On October 10, 2007, the online edition of National Enquirer ran an exposé under the headline "Presidential Cheating Scandal! Alleged Affair Could Wreck John Edwards’s Campaign Bid." The story began, "Sources have come forward to charge that the ‘other woman’ previously worked on Edwards’ campaign…. A source close to the woman, whose name is being withheld by the National Enquirer, says that she confessed to having an affair in phone calls and emails, saying that her work with Edwards soon exploded into romance."
Edwards promptly issued a denial. Though she wasn’t named in the Enquirer‘s story, so did Rielle Hunter, on a website. Not a breath of an alleged adultery by a presidential contender ruffled the pages of the nation’s mainstream papers, despite the fact that the Enquirer has many proven scoops under its belt, including Rush Limbaugh’s love affair with Oxycontin and Jesse Jackson’s love child. Though down in numbers from its glory days, the Enquirer still has a circulation of 2,760,000.
On December 19, with the early Democratic primaries looming, the Enquirer struck again. It said Rielle Hunter was in an advanced stage of pregnancy with Edwards’s child and–after the Enquirer‘s October story–had been whisked out of New York City and lodged in an upscale gated community in Chapel Hill. Edwards, flanked by Elizabeth, issued further passionate denials. The New York Times, nine weeks away from running a long, highly speculative story about John McCain’s possible relationship with the much younger Vicki Iseman, kept its mouth shut, as did the rest of the mainstream press. Edwards was able to fight his way through the first primaries without having to battle charges from the national press that he was cheating on a sick wife and had a pregnant mistress stowed back in North Carolina.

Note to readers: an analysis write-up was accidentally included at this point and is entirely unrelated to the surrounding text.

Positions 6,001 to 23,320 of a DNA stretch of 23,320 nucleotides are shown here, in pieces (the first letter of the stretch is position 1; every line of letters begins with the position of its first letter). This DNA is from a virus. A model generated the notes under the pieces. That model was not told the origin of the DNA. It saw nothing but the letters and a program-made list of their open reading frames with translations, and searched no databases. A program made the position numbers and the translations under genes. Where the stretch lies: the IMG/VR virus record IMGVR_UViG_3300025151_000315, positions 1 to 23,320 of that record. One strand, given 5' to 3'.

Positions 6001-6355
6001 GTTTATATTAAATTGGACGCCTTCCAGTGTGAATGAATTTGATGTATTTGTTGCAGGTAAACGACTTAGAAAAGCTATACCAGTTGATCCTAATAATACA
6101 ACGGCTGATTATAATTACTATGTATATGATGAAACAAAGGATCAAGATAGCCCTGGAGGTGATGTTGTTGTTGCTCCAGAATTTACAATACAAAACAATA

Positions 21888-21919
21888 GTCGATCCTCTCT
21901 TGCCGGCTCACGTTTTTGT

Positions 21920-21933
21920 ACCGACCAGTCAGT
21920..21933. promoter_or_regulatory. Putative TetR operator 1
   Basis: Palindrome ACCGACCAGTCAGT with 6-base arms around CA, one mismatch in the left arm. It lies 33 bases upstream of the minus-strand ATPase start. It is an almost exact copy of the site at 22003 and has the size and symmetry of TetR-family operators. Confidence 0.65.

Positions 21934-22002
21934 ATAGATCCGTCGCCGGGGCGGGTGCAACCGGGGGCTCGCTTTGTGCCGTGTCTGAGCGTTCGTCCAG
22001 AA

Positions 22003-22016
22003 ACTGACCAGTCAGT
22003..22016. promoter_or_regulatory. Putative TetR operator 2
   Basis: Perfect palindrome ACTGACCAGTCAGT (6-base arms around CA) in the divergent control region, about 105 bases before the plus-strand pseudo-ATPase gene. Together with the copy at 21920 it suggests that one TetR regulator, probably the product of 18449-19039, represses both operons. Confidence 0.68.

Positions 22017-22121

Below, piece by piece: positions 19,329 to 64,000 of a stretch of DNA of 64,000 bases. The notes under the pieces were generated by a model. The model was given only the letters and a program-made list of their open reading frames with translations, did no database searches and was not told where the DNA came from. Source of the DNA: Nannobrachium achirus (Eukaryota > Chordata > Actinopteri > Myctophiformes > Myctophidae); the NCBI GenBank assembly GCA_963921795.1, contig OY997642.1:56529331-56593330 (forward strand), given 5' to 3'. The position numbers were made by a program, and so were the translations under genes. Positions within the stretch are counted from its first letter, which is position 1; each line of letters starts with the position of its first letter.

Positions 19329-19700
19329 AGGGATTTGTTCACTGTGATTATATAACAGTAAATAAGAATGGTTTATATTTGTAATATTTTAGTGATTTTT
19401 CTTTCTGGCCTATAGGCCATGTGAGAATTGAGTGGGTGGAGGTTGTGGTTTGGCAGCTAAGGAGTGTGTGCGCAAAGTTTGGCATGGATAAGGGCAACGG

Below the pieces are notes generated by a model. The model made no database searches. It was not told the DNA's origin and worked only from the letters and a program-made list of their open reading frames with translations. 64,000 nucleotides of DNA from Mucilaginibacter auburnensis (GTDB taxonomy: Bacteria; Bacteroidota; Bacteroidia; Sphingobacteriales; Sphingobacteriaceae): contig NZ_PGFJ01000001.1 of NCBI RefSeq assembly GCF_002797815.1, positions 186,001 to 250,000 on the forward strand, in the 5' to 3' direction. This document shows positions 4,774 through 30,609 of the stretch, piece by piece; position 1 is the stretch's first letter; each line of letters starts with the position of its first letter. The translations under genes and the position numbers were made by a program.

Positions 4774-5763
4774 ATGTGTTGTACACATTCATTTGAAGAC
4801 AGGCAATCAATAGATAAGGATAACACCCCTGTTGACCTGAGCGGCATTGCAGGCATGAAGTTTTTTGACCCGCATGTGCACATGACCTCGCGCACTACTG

On July 22 the Enquirer lowered the boom on Edwards. The weekly reported that it had nailed him visiting Hunter and child in the Beverly Hilton hotel in Los Angeles. The Enquirer‘s reporters staked out Edwards and Hunter, ambushed the former as he stepped out of the elevator and pursued the white-faced Edwards till he took refuge in one of the hotel’s lavatories, at which time he seems to have called hotel security on his cellphone and was escorted to safety. A hotel doorman confirmed the story later to Fox News.
So far there’s not been a word in the mainstream press, even though Edwards is certainly a figure of public interest, having been named as a strong contender to be in an Obama cabinet. Of course, there might be compassion for the very popular Elizabeth Edwards, but that’s not enough to explain the dogged silence. The Times and the Post are quite prepared to investigate, or at least infer, possible sexual shenanigans–as the Times’s floating of the McCain-Iseman imbroglio made clear. The most convincing explanation, it seems to me, is simple snobbery. The mainstream press reckons that any acknowledgment of papers like the Enquirer and the Star as getting credible scoops is distressing to its dignity and increasingly threadbare "credibility." The sans-culottes are storming the Bastille on a daily basis.